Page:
To BridgePoint Artists,
Recently, I have been going through the kind of life-changing experience that one experiences only a few times throughout life. Through a journey of music and theology, that was triggered by two lectures and a Roman Catholic composer, I have been truly inspired and impassioned to collaborate with the artistic community in BridgePoint. I hope that this collaboration would provide a platform and vehicle for a real, integrity filled expression of worship as individuals and a community, serving one another, and providing a more cohesive vision and expression of seeking God as a body.
I strongly believe that through art, God’s truth has the potential to be expressed in a more clear, understandable, and meaningful way that can speak to all types of people in all types of contexts. However, I am also convicted that this art must have integrity, be in line with one’s own convictions, and also be approached in a way that truly seeks to be separated from any notion of self glory. We, as Christian artists, have the serious responsibility of being “artists of the cross”, not “artists of glory”, seeking with our hearts and minds to know God through the gifts that He has given us. This responsibility, I believe, is filled with the potential of a deeper relationship with God, and also a deeper, more God centered relationship with each other. This quote from theologian N.T. Wright speaks of this truthful potential:
“If all theology, all sermons, had to be set to music, our teaching and preaching would not only be more mellifluous; it might also approximate more closely to God’s truth, the truth revealed in and as the Word made flesh, crucified and risen”.
The main section of the Gospel that I have been dwelling on (in the context of this journey that I am currently on) is the Easter story, with an intentional carefulness to give equal attention to the three parts of the story, i.e. good Friday, holy Saturday, and Easter Sunday. Too often, it seems to me, we give little attention to the two days that precede the resurrection; two days that are completely essential to the gospel story, and also essential to our experience as followers of Jesus. This “skipping over” of good Friday and holy Saturday is very easy to slip into considering the culture we live in. I am specifically thinking of the dominance of a “culture of sentimentality”, that has, in my opinion, “cheapened” much of the art produced not only in the secular world, but also in the world of the church (think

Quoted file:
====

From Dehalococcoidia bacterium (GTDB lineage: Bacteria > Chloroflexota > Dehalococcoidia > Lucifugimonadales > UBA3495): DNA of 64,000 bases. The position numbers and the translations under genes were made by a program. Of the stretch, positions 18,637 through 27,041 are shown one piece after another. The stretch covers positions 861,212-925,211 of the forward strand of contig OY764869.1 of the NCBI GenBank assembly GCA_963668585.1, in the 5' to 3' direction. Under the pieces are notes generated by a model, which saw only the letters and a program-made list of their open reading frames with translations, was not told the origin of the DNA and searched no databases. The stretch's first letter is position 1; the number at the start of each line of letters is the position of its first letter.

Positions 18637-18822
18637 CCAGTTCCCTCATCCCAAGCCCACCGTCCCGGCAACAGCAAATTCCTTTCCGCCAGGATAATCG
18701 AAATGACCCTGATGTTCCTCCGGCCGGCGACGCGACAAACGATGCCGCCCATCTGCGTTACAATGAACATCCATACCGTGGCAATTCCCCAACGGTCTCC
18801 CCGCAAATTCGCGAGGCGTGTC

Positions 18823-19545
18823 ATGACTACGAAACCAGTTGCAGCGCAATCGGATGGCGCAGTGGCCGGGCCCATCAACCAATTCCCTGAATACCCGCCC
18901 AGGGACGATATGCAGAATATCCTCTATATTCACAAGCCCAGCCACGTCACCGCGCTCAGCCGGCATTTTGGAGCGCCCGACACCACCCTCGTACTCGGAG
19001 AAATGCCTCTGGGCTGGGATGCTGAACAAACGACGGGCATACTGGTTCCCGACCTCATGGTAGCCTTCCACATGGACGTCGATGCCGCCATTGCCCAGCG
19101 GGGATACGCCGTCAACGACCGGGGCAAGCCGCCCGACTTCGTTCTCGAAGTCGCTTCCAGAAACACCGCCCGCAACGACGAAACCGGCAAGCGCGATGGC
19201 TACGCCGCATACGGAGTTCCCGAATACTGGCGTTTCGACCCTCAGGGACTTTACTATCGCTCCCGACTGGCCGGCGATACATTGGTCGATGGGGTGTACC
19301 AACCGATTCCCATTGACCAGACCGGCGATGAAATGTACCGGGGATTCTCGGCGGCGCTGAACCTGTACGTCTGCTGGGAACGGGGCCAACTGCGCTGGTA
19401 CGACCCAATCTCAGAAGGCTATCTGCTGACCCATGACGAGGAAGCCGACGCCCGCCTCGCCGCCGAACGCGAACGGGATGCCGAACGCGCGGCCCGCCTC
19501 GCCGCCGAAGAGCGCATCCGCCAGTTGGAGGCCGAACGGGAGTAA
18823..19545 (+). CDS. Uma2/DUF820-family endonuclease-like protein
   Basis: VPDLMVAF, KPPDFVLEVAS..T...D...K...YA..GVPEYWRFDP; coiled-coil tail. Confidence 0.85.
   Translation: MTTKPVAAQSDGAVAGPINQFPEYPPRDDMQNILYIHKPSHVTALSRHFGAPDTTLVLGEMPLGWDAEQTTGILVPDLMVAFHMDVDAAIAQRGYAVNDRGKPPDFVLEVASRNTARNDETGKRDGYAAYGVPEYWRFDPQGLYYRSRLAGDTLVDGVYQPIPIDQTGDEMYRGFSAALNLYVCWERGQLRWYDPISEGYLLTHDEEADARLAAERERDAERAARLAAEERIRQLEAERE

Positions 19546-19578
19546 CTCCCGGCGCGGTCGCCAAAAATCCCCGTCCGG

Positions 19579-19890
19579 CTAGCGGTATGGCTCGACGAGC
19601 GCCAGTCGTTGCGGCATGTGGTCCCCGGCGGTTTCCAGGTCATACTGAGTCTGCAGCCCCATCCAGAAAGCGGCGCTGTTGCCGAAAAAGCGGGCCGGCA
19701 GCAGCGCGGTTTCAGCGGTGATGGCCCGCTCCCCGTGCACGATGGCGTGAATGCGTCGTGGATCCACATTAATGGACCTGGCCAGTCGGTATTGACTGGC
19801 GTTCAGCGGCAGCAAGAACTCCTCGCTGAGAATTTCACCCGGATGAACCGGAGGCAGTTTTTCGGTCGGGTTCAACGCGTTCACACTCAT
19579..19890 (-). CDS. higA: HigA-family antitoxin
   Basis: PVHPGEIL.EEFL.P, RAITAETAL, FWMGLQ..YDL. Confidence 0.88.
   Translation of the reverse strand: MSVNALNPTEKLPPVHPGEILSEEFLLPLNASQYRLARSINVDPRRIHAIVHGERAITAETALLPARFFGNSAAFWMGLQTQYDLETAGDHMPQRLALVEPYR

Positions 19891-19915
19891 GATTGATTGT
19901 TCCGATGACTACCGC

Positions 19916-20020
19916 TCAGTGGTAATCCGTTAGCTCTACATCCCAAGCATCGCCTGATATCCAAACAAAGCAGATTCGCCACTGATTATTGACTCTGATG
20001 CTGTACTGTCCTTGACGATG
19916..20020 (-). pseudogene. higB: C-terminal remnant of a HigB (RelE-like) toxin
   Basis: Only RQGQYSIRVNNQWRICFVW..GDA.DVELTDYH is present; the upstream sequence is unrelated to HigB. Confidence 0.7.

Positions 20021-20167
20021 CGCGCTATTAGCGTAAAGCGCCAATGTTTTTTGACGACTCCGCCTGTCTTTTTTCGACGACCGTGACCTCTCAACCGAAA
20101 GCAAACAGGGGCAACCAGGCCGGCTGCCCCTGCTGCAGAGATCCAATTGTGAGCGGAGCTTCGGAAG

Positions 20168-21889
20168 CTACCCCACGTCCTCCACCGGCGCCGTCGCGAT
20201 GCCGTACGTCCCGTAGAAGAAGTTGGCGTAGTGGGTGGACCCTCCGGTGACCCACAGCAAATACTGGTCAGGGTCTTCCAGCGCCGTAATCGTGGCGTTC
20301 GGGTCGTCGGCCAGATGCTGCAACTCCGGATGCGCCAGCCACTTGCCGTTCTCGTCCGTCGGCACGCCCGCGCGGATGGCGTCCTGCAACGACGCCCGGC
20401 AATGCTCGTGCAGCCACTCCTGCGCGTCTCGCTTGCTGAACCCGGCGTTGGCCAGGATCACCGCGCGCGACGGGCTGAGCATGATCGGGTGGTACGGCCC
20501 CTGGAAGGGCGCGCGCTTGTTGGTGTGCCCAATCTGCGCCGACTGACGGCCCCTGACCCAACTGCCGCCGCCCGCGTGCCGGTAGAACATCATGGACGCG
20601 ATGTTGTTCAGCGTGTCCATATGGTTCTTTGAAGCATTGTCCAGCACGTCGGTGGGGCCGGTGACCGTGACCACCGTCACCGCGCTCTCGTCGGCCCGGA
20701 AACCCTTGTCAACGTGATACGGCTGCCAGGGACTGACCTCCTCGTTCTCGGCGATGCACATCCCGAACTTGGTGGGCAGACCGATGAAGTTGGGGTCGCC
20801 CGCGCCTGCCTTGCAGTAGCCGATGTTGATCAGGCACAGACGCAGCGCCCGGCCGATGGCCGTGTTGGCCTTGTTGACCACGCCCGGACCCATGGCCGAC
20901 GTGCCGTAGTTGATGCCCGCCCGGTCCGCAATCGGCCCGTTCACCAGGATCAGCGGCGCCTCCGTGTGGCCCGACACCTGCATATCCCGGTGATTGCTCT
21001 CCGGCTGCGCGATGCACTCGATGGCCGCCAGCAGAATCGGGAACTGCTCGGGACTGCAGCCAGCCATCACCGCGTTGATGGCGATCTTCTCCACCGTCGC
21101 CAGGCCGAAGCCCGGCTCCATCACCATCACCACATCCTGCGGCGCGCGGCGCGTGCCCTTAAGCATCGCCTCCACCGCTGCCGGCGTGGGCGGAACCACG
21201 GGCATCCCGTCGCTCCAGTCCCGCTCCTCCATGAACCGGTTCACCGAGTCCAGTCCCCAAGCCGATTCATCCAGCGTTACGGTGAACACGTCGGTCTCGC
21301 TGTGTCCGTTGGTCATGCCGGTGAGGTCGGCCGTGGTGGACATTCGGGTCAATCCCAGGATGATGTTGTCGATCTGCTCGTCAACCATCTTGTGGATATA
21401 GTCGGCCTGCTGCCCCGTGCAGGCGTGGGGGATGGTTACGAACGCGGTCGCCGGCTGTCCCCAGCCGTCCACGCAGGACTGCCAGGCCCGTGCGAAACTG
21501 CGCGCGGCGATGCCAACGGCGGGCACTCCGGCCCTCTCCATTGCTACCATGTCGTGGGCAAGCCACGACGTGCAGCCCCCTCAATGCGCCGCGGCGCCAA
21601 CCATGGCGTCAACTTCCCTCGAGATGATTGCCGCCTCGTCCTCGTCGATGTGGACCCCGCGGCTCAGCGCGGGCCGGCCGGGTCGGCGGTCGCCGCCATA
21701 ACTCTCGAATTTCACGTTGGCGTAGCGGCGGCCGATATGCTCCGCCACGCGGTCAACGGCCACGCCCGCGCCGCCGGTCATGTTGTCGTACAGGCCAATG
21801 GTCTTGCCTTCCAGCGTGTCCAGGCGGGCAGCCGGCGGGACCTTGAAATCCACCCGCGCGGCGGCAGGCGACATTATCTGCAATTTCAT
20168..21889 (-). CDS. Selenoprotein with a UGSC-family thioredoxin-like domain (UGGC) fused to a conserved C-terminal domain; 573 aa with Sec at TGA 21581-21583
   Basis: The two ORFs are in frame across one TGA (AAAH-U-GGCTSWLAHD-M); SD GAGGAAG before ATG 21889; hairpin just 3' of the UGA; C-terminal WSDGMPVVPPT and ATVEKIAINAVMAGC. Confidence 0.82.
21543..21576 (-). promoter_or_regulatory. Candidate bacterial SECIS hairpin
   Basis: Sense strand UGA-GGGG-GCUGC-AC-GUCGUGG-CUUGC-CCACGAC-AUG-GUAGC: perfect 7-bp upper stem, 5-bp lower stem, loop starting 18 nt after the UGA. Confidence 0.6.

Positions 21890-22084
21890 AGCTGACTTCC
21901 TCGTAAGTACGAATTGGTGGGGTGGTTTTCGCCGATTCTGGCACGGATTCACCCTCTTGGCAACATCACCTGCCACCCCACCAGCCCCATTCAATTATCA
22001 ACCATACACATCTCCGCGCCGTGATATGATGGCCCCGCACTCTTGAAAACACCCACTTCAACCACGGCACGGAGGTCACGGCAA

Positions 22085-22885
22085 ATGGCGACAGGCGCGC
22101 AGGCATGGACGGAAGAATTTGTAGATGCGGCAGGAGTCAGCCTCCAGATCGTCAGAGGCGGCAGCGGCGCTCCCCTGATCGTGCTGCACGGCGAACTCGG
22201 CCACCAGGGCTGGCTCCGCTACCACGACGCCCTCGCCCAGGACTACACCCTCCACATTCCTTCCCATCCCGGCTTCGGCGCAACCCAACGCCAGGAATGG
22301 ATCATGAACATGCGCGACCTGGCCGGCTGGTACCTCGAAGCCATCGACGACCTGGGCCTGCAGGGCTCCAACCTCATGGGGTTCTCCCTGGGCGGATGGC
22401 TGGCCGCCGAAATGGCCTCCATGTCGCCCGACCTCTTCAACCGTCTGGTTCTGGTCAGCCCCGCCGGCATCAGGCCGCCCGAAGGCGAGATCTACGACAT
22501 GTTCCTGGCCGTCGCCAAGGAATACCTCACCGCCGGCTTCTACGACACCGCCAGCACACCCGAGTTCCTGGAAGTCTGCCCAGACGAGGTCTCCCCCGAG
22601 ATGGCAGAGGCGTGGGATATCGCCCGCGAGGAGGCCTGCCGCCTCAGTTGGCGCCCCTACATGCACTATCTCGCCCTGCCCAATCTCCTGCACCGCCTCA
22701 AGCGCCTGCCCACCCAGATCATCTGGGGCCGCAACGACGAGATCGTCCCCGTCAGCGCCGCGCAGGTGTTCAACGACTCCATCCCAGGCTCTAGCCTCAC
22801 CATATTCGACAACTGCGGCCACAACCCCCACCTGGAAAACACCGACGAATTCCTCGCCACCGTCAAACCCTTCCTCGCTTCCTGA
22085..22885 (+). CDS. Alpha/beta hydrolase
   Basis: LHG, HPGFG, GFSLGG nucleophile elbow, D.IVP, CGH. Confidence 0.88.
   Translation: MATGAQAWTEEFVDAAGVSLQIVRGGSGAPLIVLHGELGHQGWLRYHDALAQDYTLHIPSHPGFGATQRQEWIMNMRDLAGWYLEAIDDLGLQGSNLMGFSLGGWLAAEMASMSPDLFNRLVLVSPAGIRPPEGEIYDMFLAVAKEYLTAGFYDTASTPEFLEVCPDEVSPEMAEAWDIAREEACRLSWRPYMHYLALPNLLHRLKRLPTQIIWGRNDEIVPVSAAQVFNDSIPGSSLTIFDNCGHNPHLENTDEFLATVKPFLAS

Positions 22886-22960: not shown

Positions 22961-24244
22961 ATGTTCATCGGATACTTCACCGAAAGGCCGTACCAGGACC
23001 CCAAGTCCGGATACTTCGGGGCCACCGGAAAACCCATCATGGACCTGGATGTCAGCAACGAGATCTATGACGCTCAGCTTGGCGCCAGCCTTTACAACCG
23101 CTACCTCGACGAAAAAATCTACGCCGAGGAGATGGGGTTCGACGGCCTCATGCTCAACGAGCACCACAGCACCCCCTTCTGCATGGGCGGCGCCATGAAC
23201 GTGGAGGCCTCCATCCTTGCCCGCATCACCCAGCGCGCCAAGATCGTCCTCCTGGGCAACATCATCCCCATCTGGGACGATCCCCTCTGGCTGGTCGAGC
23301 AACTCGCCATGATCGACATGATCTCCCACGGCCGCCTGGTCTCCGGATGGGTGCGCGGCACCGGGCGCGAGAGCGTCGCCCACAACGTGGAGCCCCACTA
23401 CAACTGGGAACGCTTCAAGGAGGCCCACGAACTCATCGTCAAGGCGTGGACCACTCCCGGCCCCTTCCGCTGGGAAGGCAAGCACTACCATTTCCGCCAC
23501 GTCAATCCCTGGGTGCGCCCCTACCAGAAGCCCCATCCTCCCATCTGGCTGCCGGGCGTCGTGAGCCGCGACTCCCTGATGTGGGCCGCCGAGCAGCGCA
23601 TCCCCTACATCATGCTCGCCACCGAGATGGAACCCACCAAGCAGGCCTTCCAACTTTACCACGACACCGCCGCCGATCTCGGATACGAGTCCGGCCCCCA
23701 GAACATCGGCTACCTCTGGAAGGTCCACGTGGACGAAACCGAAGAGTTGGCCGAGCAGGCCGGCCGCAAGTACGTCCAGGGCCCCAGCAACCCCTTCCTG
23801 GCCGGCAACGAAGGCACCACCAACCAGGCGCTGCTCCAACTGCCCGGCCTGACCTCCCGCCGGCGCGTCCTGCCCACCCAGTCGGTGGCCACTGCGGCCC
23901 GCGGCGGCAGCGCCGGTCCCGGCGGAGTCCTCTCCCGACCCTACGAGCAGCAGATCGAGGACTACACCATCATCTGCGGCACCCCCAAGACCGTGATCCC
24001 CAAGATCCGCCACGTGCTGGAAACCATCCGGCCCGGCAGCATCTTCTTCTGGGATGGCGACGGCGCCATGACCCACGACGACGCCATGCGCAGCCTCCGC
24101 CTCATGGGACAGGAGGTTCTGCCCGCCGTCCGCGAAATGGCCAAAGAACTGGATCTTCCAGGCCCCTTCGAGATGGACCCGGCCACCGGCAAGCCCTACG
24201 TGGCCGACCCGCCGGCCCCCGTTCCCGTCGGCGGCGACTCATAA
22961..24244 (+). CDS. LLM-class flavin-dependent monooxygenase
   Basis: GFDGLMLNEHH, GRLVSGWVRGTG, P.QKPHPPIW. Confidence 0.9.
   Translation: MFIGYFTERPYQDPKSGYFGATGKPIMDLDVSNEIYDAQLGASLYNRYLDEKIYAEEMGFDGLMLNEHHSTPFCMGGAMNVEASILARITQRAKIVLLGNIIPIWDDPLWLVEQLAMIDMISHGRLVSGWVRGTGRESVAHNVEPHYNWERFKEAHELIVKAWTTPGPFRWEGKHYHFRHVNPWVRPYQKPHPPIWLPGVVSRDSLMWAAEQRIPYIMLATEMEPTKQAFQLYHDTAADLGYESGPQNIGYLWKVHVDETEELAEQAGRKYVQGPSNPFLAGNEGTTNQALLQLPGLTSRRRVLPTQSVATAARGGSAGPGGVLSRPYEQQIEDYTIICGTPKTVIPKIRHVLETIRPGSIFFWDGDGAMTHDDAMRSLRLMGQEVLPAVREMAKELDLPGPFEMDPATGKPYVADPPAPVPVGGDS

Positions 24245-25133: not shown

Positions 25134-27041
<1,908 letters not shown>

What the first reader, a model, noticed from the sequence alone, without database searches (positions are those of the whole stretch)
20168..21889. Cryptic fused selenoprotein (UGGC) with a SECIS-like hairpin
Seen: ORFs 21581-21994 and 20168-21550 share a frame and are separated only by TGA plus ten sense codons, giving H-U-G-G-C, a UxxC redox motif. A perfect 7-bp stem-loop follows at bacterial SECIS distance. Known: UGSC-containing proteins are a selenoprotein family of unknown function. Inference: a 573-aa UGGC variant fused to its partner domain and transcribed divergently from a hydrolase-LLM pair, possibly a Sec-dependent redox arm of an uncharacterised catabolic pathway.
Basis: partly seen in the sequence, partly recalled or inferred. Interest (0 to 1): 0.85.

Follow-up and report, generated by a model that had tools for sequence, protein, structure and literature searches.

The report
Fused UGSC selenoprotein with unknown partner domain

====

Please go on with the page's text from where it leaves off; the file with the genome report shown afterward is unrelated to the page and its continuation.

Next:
I realize that this discussion (mainly on worship) has many levels, and in reality, like the God we worship, cannot be defined, or even confined to a commentary that I have provided above. This is also in no way an accusation against anything that has been expressed or done at BridgePoint. This is just what God has put on my heart, and I feel a call to share it. I would also like to note that I do believe that the resurrection is the most important part of the Easter story, but, alas, we cannot get to the resurrection without Friday and Saturday.
I would very much like to continue a discussion of how we , as an artistic community, can better serve each other and more truthfully worship our Creator together through the gifts He has given us. I would like to invite all members of BridgePoint who feel that they are artists and have some sort of calling to express their art in the context of worship, to a meeting on Tuesday, March 13, at the Watson’s home at 7:30pm, to have a discussion on how we, as a community, can collaborate in the context of producing an artistic expression of worship and service. This meeting will specifically focus on the two days of Good Friday and Holy Saturday, and on our next corporate meeting, which will also focus on those two days, in preparation for the resurrection day. I encourage everyone to prayerfully consider being a part of this discussion, and also what you can bring to the discussion.